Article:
The HiFi Bitcoin Letters
The HiFi Bitcoin Letters
Letter #179: Bitcoin vs. Fiat - Fiat Can’t Be Money

Letter #179: Bitcoin vs. Fiat - Fiat Can’t Be Money

Read now to learn how fiat fails to accomplish each of the most basic functions of money.

Dear Readers,

Fiat currencies have been around for hundreds of years, leaving societies in chaos and destroying endless amounts of users’ wealth through inflation. Truly, it’s hard to imagine any money that has cumulatively had a more negative impact on humanity than fiat has.

It’s also hard to imagine that fiat currencies would have lasted so long if not for the efforts of governments and their cronies to force us to use them. After all, who would choose to use a money that allows others to literally steal from them if they didn’t have to? I know I wouldn’t, and I can imagine that many of you would agree.

I sincerely believe that fiat currencies are one of the worst types of money in history, so much so that today I’d like to share with you why I don’t believe fiat even qualifies to be considered money in the first place:

Fiat - A Misfit Among Monies

Money was created thousands of years ago to satisfy humanity's need for a better medium with which to transfer value across time and space. Barter systems, in which producers of goods and services simply traded their products directly with one another, were too inefficient and expensive to bring economies and societies into the future. Money has evolved quite a bit over the millennia, culminating with the creation of the world’s best money to date, Bitcoin.

Money serves a lot of roles in different markets. However, there are three primary functions that determine how well a particular money will perform and how desirable it will become:

  1. Store of Value

  2. Unit of Account

  3. Medium of Exchange

Fiat fills each of those roles so poorly that it’s not hard to understand why fiat currencies would have been left in the trash heap of history if not for the zealous protection of their governments:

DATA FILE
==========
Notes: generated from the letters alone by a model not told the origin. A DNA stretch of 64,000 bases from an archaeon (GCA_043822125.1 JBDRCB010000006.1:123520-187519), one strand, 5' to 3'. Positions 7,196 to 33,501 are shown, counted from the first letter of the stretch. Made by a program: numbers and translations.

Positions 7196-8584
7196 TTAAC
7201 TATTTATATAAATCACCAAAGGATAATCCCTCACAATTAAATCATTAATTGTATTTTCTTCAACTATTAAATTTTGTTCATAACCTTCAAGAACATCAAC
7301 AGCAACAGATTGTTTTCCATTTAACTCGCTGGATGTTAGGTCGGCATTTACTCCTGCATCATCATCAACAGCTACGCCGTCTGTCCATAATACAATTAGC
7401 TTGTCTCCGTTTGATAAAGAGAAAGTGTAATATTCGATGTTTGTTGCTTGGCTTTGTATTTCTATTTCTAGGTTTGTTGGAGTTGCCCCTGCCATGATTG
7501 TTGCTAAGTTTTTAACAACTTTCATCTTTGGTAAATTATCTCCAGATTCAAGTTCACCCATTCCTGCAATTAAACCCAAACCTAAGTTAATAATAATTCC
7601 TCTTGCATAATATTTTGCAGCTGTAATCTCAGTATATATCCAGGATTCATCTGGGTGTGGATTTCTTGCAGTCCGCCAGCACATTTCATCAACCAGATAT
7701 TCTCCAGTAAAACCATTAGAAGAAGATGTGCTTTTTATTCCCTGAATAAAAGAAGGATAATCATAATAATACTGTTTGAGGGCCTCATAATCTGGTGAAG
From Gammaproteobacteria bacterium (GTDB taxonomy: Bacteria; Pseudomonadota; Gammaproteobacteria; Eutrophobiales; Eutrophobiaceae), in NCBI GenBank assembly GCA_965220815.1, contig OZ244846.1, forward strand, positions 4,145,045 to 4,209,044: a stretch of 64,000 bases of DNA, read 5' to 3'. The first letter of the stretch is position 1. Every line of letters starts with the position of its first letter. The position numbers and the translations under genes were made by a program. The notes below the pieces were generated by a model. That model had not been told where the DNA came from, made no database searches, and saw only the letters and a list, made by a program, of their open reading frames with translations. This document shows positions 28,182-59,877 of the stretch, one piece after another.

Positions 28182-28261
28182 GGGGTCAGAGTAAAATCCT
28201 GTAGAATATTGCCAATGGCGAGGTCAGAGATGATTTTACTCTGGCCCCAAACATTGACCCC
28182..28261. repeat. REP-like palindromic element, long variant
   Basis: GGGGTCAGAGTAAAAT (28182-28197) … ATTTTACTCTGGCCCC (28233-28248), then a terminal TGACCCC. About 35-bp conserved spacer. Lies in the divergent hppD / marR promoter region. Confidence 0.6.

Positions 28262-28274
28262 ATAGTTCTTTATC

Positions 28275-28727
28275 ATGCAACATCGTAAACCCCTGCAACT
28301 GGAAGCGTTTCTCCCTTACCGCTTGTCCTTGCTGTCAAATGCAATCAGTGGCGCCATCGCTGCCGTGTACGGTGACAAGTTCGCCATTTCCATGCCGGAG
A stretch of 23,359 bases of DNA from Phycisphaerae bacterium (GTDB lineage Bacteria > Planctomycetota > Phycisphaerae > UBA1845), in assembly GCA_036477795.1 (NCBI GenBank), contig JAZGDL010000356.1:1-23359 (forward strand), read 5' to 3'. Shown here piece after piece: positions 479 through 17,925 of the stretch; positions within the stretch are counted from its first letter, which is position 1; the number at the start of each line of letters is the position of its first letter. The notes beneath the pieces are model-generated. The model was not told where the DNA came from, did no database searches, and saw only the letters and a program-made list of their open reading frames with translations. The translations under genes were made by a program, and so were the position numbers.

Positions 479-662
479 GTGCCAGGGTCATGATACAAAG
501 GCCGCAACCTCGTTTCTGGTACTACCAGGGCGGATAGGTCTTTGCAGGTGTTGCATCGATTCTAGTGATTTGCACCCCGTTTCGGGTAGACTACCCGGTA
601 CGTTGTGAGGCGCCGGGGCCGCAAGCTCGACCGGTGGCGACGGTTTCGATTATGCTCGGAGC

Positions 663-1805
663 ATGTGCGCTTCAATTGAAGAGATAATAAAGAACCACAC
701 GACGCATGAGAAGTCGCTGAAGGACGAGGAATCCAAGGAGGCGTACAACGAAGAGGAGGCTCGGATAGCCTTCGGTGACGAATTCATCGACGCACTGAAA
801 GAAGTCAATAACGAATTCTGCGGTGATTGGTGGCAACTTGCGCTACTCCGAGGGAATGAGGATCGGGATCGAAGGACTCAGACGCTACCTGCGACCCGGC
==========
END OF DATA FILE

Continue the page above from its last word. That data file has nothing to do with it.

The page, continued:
Store of Value

High quality money is able to maintain its value over time, which means users can hold onto that value until a later date when it is more needed than at present. Individuals and societies are thus able to wait to invest their money in resources and technologies that have a better chance of improving their standard of living.

Fiat currencies are provably terrible stores of value. It doesn’t take much research to learn that all fiat currencies through history imploded, losing every bit of their previously held value before being abandoned completely. The fiat currencies of today are well on their way to worthlessness:

Unit of Account

High quality money allows goods and services to easily be compared against one another, meaning that producers, purchasers, and observers are able track value across the entire economy. 

Think about it — when you stand in an aisle full of eggs, price is one of the first things you assess in order to determine which eggs are of higher or lower quality. In other words, money gives us one of the most powerful ways to identify value, quality, and so much more.

As we just discussed, fiat currencies are terrible stores of value, with purchasing power that is perpetually on the decline. Fiat currencies can’t adequately communicate value through time and, as we’ll see in the next section, there are hundreds of fiat currencies competing with one another across societies. Both factors contribute to making fiat currencies terrible units of account.

Medium of Exchange

High quality money is something that appeals to large numbers of people, locally and around the world. If our money is widely accepted as a medium of exchange, then we can be highly confident in our ability to acquire the goods and services we need without much trouble.

Governments force their citizens to accept the local fiat currency through legal tender laws. But such enforcement only assures fiat’s acceptance as a medium of exchange locally. No surefire method exists for one government to force other governments and their citizens to accept the former’s fiat currency directly. It’s for that reason that fiat currencies have proliferated, currently numbering nearly two hundred.

Can fiat currencies really be considered good mediums of exchange when a forex transaction, and all its associated fees, is required every time you leave your country’s border? I think not.

Bitcoin, Not Fiat

Fiat currencies simply do a poor job at fulfilling the functions of money. With governments in charge of fiat, that reality is almost assuredly not going to change.

Is it any wonder then that people are abandoning fiat currencies for Bitcoin in droves?

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This is not financial or business advice. This newsletter and related content are for informational purposes only. Cryptocurrencies and digital assets can be risky. Always do your own research before making any sort of investment.